Priscilla Wangari Muriithi is a doctoral student in Limnology at Egerton University, Kenya. In March and April 2023, she took part in a traineeship at the University of Natural Resources and Life Sciences, Vienna (BOKU) through the Erasmus+ International Credit Mobility programme.
OeAD: What motivated you to participate in an Erasmus+ mobility?
Wangari Muriithi: Erasmus+ gave me a chance to be trained and mentored abroad, since expertise in my field of study is lacking in my home country and university. BOKU has one of the best equipped laboratories and expert groups in Stream Benthic Invertebrate Ecology and Taxonomy led by Prof. Wolfram Graf. I have been aspiring to be trained as a Macroinvertebrate Taxonomist for a long time and my dream came true when I received the Erasmus+ International Mobility fellowship through the motivation and assistance from Prof.Nzula Kitaka and Mag. Gerold Winkler who secured the mobility for me.
OeAD: What were your expectations and fears going into the mobility, and in what way did they come true or not?
Wangari Muriithi: One of my expectations was to become a highly skilled taxonomist who would identify the macroinvertebrates into species level. Within my two months of stay at BOKU, I was able to gain 70% of the skills, which I really appreciate and wish to get another opportunity to perfect. I also expected to complete writing my PhD proposal under the guidance of Prof. Wolfram, and I managed to do so by the time I left Austria.
I also expected to see again the friends I made in Kenya during the 2nd Africa Uni-Net General Assembly and Erasmus+ cooperation seminar held at Egerton University in 2022. I was lucky enough to go to dinners with them and see some beautiful places around Austria, including a visit to the Alps!
I had previously heard of the complex transport system in Vienna. I found the transport maps very complicated in the first week and sometimes I opted to walk, with the fear of getting lost. After two weeks, I got used to it, and it became one of my favorite experiences, since I could travel to different parts of Vienna as long as I had the map of the underground train with me.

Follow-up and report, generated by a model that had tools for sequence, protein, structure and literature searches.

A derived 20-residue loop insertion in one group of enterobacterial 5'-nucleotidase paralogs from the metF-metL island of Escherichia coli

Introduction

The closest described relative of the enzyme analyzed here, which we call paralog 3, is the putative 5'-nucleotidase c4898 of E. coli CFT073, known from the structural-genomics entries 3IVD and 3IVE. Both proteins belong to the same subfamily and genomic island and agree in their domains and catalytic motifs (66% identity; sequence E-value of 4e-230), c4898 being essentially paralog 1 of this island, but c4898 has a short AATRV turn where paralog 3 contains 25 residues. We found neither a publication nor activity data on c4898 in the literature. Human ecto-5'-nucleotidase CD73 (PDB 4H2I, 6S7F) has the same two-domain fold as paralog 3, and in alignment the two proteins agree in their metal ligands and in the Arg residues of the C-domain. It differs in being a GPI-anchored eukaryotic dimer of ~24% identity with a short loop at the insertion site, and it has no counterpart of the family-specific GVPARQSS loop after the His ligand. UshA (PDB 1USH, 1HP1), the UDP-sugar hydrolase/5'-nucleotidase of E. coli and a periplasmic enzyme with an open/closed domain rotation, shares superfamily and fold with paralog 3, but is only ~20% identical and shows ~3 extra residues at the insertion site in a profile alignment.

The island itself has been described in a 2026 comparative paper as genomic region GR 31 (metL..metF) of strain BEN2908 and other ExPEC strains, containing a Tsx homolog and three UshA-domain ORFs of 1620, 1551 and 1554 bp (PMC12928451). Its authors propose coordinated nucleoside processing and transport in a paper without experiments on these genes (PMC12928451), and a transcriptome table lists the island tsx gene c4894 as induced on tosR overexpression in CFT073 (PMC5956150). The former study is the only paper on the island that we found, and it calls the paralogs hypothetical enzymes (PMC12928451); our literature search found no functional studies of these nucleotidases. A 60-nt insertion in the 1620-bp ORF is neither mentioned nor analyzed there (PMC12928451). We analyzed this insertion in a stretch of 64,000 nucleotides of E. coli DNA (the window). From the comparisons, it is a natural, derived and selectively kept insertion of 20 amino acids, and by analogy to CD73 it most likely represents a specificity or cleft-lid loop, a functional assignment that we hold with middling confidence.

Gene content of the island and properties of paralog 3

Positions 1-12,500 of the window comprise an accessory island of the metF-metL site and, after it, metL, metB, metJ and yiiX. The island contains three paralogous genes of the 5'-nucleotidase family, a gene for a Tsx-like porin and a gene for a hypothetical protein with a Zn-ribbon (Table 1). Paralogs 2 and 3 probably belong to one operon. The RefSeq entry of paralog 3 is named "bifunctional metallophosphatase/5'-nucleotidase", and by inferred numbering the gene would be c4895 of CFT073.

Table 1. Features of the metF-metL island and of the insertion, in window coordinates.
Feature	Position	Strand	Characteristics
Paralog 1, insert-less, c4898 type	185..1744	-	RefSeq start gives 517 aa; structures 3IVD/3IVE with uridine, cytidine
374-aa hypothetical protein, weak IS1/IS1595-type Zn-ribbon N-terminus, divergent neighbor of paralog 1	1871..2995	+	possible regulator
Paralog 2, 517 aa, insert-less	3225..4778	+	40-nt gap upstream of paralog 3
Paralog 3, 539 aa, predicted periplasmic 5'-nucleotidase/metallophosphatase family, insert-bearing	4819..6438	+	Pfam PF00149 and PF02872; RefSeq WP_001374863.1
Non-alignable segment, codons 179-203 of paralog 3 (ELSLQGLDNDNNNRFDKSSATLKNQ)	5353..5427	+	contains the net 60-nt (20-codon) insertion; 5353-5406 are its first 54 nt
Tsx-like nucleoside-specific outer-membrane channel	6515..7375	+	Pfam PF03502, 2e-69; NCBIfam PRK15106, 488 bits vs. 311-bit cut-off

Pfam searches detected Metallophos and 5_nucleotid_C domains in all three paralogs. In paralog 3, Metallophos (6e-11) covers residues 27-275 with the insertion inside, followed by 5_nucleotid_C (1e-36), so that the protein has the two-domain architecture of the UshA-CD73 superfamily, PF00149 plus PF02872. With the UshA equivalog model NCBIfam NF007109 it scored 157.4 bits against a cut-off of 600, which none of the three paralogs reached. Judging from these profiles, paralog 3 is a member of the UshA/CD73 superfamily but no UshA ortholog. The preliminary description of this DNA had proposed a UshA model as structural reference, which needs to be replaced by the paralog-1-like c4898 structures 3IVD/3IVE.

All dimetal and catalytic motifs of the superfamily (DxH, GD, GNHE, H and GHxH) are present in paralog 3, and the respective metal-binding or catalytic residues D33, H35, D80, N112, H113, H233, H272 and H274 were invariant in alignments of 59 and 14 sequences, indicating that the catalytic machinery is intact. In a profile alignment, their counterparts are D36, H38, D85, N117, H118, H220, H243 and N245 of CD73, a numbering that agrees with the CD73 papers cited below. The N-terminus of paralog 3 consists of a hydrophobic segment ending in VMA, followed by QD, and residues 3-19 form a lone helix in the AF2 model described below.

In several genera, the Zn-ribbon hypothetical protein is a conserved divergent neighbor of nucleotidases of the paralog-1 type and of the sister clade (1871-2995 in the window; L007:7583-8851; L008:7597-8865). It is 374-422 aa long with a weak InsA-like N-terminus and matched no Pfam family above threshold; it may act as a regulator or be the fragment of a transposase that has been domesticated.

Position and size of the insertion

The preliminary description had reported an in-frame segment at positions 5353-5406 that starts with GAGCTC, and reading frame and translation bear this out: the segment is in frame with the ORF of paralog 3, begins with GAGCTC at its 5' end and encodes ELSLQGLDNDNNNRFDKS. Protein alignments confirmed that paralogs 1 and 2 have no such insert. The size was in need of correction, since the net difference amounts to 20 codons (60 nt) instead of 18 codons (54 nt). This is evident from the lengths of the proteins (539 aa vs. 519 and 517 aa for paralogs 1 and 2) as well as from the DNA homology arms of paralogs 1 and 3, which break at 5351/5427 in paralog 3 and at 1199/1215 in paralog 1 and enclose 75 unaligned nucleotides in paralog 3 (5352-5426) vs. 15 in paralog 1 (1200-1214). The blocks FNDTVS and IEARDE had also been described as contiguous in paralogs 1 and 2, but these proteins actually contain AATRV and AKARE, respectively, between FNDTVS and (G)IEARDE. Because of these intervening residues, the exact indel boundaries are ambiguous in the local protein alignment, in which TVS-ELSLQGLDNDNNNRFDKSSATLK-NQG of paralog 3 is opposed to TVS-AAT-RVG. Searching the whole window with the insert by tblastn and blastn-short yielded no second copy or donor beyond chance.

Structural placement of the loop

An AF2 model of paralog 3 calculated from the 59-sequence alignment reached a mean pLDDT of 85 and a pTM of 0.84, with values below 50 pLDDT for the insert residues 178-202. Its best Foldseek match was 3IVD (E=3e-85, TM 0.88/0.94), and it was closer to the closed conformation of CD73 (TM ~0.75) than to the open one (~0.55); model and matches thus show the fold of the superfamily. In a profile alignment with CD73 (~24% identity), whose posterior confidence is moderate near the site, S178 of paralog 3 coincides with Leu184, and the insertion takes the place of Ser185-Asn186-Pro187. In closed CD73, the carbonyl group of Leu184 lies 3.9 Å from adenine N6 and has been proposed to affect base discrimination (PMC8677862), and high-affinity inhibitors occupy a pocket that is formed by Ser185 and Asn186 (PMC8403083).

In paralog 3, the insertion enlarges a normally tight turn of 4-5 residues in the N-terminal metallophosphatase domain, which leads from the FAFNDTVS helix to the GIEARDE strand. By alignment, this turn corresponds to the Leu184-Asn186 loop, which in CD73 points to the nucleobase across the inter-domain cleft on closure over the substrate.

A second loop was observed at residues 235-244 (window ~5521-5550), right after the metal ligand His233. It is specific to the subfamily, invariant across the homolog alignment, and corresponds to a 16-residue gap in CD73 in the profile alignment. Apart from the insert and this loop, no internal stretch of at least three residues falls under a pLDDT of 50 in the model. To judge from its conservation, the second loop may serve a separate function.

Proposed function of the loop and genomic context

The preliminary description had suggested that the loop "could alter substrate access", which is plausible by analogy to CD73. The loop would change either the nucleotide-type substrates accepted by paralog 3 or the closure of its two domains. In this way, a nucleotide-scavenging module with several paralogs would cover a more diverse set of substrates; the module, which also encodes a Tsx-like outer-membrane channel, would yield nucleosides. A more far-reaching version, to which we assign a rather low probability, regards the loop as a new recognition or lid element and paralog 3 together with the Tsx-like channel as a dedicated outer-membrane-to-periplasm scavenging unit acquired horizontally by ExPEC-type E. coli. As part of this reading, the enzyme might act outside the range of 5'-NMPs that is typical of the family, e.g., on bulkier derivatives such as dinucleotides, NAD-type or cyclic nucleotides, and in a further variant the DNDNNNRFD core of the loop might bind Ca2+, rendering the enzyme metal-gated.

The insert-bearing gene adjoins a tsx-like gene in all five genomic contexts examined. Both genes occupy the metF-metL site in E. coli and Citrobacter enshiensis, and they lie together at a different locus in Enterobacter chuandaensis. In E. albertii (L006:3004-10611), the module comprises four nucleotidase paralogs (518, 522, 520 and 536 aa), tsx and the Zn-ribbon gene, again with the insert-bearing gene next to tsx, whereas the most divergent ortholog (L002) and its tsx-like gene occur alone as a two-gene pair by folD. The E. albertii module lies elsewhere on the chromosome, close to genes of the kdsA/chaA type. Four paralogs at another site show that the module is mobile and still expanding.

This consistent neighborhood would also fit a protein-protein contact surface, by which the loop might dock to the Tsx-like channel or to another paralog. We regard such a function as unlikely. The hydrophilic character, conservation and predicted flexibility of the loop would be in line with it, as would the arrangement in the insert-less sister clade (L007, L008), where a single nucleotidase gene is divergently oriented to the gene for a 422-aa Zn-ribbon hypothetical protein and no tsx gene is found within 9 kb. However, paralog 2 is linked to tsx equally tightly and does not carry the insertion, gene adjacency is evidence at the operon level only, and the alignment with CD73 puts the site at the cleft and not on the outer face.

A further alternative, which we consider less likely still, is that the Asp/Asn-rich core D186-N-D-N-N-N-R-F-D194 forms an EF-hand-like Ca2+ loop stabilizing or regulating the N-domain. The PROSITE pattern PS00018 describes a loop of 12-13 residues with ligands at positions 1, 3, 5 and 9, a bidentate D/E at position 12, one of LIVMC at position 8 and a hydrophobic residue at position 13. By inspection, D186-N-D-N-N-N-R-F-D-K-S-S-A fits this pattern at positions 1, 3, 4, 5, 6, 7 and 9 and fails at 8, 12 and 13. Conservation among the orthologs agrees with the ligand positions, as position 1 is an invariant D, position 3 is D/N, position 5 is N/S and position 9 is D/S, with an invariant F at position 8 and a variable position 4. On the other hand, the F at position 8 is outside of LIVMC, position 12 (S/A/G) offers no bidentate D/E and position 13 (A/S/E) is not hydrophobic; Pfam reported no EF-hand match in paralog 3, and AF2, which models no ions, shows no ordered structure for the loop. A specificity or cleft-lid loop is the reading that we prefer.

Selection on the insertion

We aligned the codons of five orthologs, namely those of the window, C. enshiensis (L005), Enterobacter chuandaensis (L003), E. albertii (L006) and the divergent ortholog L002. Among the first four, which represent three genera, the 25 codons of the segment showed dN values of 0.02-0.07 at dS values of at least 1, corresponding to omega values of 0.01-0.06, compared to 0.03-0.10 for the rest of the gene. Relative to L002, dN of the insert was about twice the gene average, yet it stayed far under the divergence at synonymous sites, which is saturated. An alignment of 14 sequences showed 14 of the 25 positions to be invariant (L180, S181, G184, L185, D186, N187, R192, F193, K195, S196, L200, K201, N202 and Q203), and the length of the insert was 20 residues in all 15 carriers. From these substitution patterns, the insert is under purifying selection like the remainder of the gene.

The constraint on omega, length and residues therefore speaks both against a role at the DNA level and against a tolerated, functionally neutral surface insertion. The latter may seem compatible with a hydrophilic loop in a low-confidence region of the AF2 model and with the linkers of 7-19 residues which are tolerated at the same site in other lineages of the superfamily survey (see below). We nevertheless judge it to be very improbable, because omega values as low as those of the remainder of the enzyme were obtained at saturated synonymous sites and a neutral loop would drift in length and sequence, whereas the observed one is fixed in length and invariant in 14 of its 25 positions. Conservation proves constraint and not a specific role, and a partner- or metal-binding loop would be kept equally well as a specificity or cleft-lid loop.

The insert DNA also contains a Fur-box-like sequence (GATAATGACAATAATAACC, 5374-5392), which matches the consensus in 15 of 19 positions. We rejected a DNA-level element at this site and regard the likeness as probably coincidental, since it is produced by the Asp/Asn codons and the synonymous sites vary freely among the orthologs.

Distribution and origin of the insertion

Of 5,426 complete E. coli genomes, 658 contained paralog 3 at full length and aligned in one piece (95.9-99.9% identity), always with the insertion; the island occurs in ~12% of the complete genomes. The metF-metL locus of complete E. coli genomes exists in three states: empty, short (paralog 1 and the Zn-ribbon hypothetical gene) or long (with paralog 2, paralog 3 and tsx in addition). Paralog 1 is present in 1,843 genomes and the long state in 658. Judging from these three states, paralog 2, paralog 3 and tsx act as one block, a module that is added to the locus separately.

I really feared the language barrier and potential racism because I had never travelled abroad for such a long time. I really thank God that I didn’t experience any of this, and especially the staff at my institute were really friendly to me. I also learned to mind my own business at every time to avoid any of these occurrences!
OeAD: What were some of the highlights during your time in Austria?
Wangari Muriithi: I was able to visit touristic areas and marketplaces in Vienna as well as different hotels, tasting different foods with my peers, which was really exciting. Other beautiful areas I visited were the St. Stephen's Cathedral , the beautiful Schӧnbrunn Palace, and Belvedere Palace. I also had a pleasure of attending a concert at the Musikverein Wien. I particularly enjoyed the artist designs used by Austrians in construction and I took photos of most of the buildings I encountered.
One of the cultural lessons I learnt and appreciated during my stay in Austria was that ‘while walking, one should walk from the right-hand side’. It was hard to adjust to this, but after two weeks, I was able to adapt. Another experience was in the transport system in Vienna, where I had to learn how to be on time and alert while travelling; otherwise the bus would either leave me, or bypass where I was about to exit when not careful.
OeAD: In which ways did your mobility relate to and impact the cooperation partnership between your sending and receiving institution?
Wangari Muriithi: At my home university, I have shared my expertise and experiences with the other upcoming limnologists and students. I have been engaged as a resource person and technical assistant in the Stream and River Ecology module in the Joint Trimester Masters programme in Limnology and Wetlands Management (LWM) at Egerton University, Kenya, where I specifically teach the students in the macroinvertebrates identification and other stream ecology aspects. At BOKU, I managed to meet and interact with staff from the Institute of Hydrobiology And Aquatic Ecosystem Management, IPGL Office and International Office. We were able to share experiences on student management, organization of courses and excursions, as well as future motilities and partnerships, among others.
OeAD: What is one advise you would give others considering an Erasmus+ mobility?
Wangari Muriithi: The fellowship has played a key role in expanding my networks through learning and interactions with diverse individuals of different cultures/backgrounds, both students and professional experts. Everyday experiences during the training were not only a learning opportunity but also brought about a change of mindset through interactions with my fellow colleagues, laboratory technicians, staff, and lecturers. I would definitely advise students or staff to consider participating or applying for the Erasmus+ mobility so as to take advantage of the benefits. If given another opportunity, I would quickly go for it.
I appreciate all the people who made my mobility a success and my stay at Vienna an exciting and memorable; Prof. Nzula Kitaka at Egerton University, Mag. Nathalie Schwaiger, Mag. Gerold Winkler, Prof. Wolfram Graf, Ms. Nina Haslinger and Ms. Philine Trnka at BOKU.